6
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The Routh-Hurwitz is a criteria which serves to prove or disprove the stability of an electric control system.

Idea

Given a system which has an equation of the form P(s)/Q(s) where P(s) and Q(s) are polynomials of any degree, it is said to be stable if all the roots of the polynomial Q(s) are in the left half of the complex plane, which means the real part of the root is negative.

For polynomials of degree less than or equal to 2, it is trivial to determine the roots and notice whether or not the system is stable. For polynomials Q(s) of higher degrees, the Routh–Hurwitz theorem can be useful to determine whether the system is Hurwitz-stable or not.

Process

One of the methods to apply this theorem for any degree is described on Wikipedia that consists of performing operations on rows of a table, then counting the number of sign changes in the first column of the table. It goes as follows:

  • Fill the first two rows with the coefficients of the polynomial, in the following pattern: 1st row consists of the even coefficients s^n, s^n-2, ..., s^2, s^0; 2nd row consists of the odd coefficients s^n-1, s^n-3, ..., s^3, s^1;
  • Keep calculating the following rows by calculating the determinant of the matrix (last 2 rows of the first column, last 2 rows of the next column) divided by (the value of the first column on the row above); it is detailed in this part of the Wikipedia article.

  • If you encounter a row full of zeros, set it to the derivative of the polynomial that the row above it represents. Depending on the row it is on, the number on each cell represents a coefficient. It is illustrated in the example later.

  • If you encounter a zero with other non-zero values, the system is not stable: you can stop there. (You could continue but you'll get the same result). A zero on the first column would mean a root of real value 0, which renders the system unstable.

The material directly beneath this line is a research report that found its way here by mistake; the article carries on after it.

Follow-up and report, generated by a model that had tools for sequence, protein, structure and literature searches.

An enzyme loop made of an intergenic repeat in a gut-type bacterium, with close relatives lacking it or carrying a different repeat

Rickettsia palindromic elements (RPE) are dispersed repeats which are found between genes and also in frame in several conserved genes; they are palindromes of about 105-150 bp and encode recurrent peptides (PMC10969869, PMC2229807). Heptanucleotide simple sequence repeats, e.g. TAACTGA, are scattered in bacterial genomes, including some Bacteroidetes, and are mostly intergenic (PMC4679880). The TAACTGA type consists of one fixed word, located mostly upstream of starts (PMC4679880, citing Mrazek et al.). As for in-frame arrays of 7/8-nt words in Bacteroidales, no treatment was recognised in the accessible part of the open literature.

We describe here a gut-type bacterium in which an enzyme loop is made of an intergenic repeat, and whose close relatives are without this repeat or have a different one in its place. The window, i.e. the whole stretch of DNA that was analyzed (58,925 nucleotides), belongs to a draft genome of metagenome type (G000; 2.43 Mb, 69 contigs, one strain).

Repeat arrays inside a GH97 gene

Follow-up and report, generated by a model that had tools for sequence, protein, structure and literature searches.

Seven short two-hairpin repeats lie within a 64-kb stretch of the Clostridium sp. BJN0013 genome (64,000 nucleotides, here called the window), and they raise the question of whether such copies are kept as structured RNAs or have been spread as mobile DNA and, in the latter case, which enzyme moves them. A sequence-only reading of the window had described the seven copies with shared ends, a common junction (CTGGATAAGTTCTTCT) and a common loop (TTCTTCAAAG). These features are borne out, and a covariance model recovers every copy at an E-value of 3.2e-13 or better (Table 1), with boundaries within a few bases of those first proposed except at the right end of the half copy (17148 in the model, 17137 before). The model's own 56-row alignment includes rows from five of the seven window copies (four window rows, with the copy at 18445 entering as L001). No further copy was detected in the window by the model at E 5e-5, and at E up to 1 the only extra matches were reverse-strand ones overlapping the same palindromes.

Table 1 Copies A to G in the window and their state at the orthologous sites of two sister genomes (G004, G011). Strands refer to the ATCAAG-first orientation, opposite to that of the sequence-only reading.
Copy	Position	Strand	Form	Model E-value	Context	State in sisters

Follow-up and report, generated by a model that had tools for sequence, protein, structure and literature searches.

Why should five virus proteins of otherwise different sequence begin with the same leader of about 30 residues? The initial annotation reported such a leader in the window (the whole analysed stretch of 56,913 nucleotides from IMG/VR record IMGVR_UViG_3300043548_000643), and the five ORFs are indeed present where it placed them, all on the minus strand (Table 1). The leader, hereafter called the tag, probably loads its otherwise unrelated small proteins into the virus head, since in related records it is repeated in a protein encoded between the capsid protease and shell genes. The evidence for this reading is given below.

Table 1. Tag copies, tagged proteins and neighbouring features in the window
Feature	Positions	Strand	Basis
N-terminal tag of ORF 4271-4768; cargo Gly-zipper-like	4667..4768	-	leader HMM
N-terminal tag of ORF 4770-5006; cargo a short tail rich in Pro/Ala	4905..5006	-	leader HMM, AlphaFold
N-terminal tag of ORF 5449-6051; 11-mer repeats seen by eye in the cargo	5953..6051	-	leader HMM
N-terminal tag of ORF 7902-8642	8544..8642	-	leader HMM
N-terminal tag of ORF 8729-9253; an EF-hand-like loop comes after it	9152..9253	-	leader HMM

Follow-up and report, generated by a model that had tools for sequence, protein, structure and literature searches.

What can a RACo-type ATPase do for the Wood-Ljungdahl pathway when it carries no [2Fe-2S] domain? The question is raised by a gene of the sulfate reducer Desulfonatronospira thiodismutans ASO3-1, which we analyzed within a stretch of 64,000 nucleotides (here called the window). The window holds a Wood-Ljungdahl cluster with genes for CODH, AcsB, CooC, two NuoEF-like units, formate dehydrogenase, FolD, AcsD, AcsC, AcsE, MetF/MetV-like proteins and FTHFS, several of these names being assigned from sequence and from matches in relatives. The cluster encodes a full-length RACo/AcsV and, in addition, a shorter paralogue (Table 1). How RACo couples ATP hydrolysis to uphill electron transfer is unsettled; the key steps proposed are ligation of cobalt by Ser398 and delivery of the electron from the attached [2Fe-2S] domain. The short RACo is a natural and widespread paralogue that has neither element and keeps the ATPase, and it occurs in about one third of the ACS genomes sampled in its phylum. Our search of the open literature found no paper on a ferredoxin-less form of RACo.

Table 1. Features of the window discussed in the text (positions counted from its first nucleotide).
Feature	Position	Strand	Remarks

• Otherwise, continue until the end. Then, if not all the values in the first column are of the same sign, the system is not stable.

Examples

Here are some examples of that process:

# Polynomial: 1 3 6 12 8.00

s^4  1 6  8
s^3  3 12 0
s^2  2 8  0
s^1--0-0--0-- < Row of zero - replace it by:
s^1  4 0  0   < Derivative 2*s^2 + 8*s^0 = 4*s^1
                 (between each 2 columns the power of s is lowered by 2)
s^0  8 0  0   < Continue normally

# Sign Changes: 0 (equivalent to no root in the right half plane)
# Stable: Yes

Another one:

s^2   1  -2
s^1   1   0
s^0  -2   0

# Sign Changes: 1 (equivalent to 1 root in the right half plane)
# Stable: No

Rules

  • The program will keep reading polynomials from standard input until a blank line, and output 0/1 for stable/non-stable respectively for each polynomial on a new line.

  • The program can read the polynomial coefficients in any form. It could be 1 3 6 12 8 for the first example (it suits this problem better, but it doesn't really matter in the end).

  • It has to handle cases where 0 in the first column, or 0 in the following columns, or a row full of 0 is encountered properly. (Note: just in case, no need to see how many roots are in rhp/lhp/jw axis).

  • It can short-circuit the process at any time if a condition is met, there is no need to show the RH table in the end.

  • You do not have to use this method. Any method which will determine whether or not a system is Hurwitz-stable can do the job.

  • It doesn't matter which language you chose to do it with, as long as it's not done in one single built-in function call. I did mine in Python, I'll post it soon.

  • This is a code golf. The shortest code wins.

Here's a sample input/output (given in the above mentioned way) to test your program with:

#input:
1 12 6 10 10 6 14
1 1 -2
1 2 1 2
1 3 1 3 16
1 2 3 6 2 1
1 2 14 88 200 800
1 2 3 6 2 1